Gastroscopy is useful for ruling out gastric ulcers, although gastric lesions are rarely responsible for enough protein loss to lead to clinically evident PLE. Gastric ulceration may be seen in horses with PLE, but it most likely represents a secondary development rather than being a primary etiology. The more important indication for gastrointestinal endoscopy in cases of PLE is duodenoscopic assessment of the small intestine for inflammation or ulceration. Duodenal abnormalities can be detected in some cases of PLE and may be associated with the primary disease syndrome. Inflammation, erosions, ulcers, scarring, and masses are all potential findings when examining the duodenal mucosa. Duodenoscopy also provides the opportunity for collection of duodenal mucosal biopsy specimens, which can be obtained with endoscopic biopsy forceps. It is recommended to collect two or three specimens, rather than a single sample, to increase the likelihood of obtaining a diagnostic sample. The primary limitation of endoscopic biopsy of the duodenum is that it can be difficult to obtain samples that penetrate deep into the mucosa, and the primary site of inflammation or infiltration often lies within the submucosal layers.

Rectal palpation is indicated in the evaluation of most horses with PLE when it is feasible and appropriate. Palpation may reveal intraabdominal masses, intestinal malpositioning, intestinal distension, or intestinal thickening. Trans­rectal ultrasonography may also be helpful, particularly if abnormalities are detected on the rectal examination. Transrectal ultrasonography often yields higher resolution images than transabdominal ultrasonography and will allow examination of areas of the caudal abdomen that cannot be imaged by use of the transabdominal approach. Rectal palpation also allows for rectal mucosal biopsy, which can reveal inflammatory or infiltrative processes. Rectal mucosal biopsy is easy to perform, and because the specimens derived are much larger and penetrate more deeply into the sub­mucosa, it may be easier to detect pathology than with duodenal specimens. The limitation to rectal biopsy is that the sample is obtained from a site that is often remote from the primary site of disease in the small or large intestine. For that reason, changes may not be observed in the rectal tissue, or the changes observed may not be relevant to the primary disease process. Despite these limitations, rectal mucosal biopsy should be considered in the evaluation of all horses with PLE.

Additional diagnostic tests to consider include fecal flotation for parasite ova, fecal culture for Salmonella spp, fecal polymerase chain reaction (PCR) testing for Lawsonia intracellularis, fecal toxin testing for Clostridium difficile and Clostridium perfringens, and serology for Lawsonia spp. Feces can also be tested for occult blood and for albumin, although the true sensitivity and specificity for these tests in the horse are debated. Detection of blood suggests bleeding ulceration somewhere in the gastrointestinal tract, but is not specific for location. The presence of albumin may suggest erosive or ulcerative disease but may also indicate secretory losses from an active or passive process unrelated to loss of mucosal integrity. In humans and small animals, fecal testing for α1-proteinase inhibitor is used for the early detection of intraluminal protein loss, and it is sensitive enough to detect losses even before the development of systemic hypoalbuminemia. This test has not yet been validated for use in horses.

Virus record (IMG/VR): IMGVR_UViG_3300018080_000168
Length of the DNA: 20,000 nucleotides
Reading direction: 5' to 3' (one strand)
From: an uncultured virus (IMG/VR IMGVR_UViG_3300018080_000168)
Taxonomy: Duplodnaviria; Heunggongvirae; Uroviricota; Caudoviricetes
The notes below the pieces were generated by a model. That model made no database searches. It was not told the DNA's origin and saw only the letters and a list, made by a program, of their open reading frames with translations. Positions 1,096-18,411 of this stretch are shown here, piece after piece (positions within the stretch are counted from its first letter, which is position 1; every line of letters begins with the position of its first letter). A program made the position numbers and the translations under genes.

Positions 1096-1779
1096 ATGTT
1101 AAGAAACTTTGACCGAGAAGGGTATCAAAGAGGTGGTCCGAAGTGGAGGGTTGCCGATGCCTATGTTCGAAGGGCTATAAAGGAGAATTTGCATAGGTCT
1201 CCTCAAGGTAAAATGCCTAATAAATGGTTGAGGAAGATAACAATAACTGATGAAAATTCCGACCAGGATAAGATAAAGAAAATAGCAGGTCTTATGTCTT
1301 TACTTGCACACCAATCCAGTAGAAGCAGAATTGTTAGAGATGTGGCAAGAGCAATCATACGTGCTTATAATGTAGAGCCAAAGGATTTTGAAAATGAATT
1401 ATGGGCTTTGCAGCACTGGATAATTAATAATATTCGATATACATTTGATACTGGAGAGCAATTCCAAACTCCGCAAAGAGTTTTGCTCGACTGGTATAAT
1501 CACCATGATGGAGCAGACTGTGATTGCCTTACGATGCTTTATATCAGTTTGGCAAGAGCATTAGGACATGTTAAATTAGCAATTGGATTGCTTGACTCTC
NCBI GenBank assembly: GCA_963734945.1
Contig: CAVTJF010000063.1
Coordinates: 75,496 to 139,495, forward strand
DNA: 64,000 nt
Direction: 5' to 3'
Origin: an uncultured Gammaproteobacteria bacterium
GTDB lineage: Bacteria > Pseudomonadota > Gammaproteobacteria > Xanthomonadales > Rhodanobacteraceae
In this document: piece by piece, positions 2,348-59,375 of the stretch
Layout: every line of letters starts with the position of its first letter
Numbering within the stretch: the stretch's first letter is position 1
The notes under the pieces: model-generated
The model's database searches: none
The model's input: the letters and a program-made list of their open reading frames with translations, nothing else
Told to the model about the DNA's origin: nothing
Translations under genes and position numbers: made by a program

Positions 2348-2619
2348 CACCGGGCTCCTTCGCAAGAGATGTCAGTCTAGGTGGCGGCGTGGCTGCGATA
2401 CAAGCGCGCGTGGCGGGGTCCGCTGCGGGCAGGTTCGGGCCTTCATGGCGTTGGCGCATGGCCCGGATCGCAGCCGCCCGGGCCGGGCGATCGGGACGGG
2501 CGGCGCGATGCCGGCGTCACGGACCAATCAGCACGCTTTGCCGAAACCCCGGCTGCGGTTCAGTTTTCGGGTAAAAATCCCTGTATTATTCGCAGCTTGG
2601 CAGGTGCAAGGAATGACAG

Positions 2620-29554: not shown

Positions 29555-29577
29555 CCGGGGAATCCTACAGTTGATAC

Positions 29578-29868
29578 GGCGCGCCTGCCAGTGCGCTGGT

In addition to determining whether there are physical or structural abnormalities in the intestine, it is important that the clinician attempt to assess intestinal function. In many cases, intestinal absorption tests provide the most useful diagnostic information out of all the ancillary diagnostic tests that can be performed. The gold standard of absorptive tests is the D-xylose absorption test because this compound is not produced or metabolized by the body, rendering it unsusceptible to any metabolic influences. This test is performed by fasting the horse for 12 to 18 hours and administering 0.5 g/kg body weight of D-xylose, given as a 10% solution in water through a nasogastric tube. Blood samples are collected in heparinized tubes for D-xylose determination every 30 minutes, starting immediately before administration and out to at least 180 minutes. The D-xylose concentration should increase to a peak concentration of at least 15 mg/dL above baseline in horses with a normal GI tract, and this concentration should peak at 90 to 180 minutes (Figure 73-2). Flattening of the D-xylose concentration curve is indicative of malabsorption, whereas a delay in the peak suggests delayed gastric emptying.

Jul 8, 2016 | Posted by in EQUINE MEDICINE | Comments Off on Diagnostic Approach to Protein-Losing Enteropathies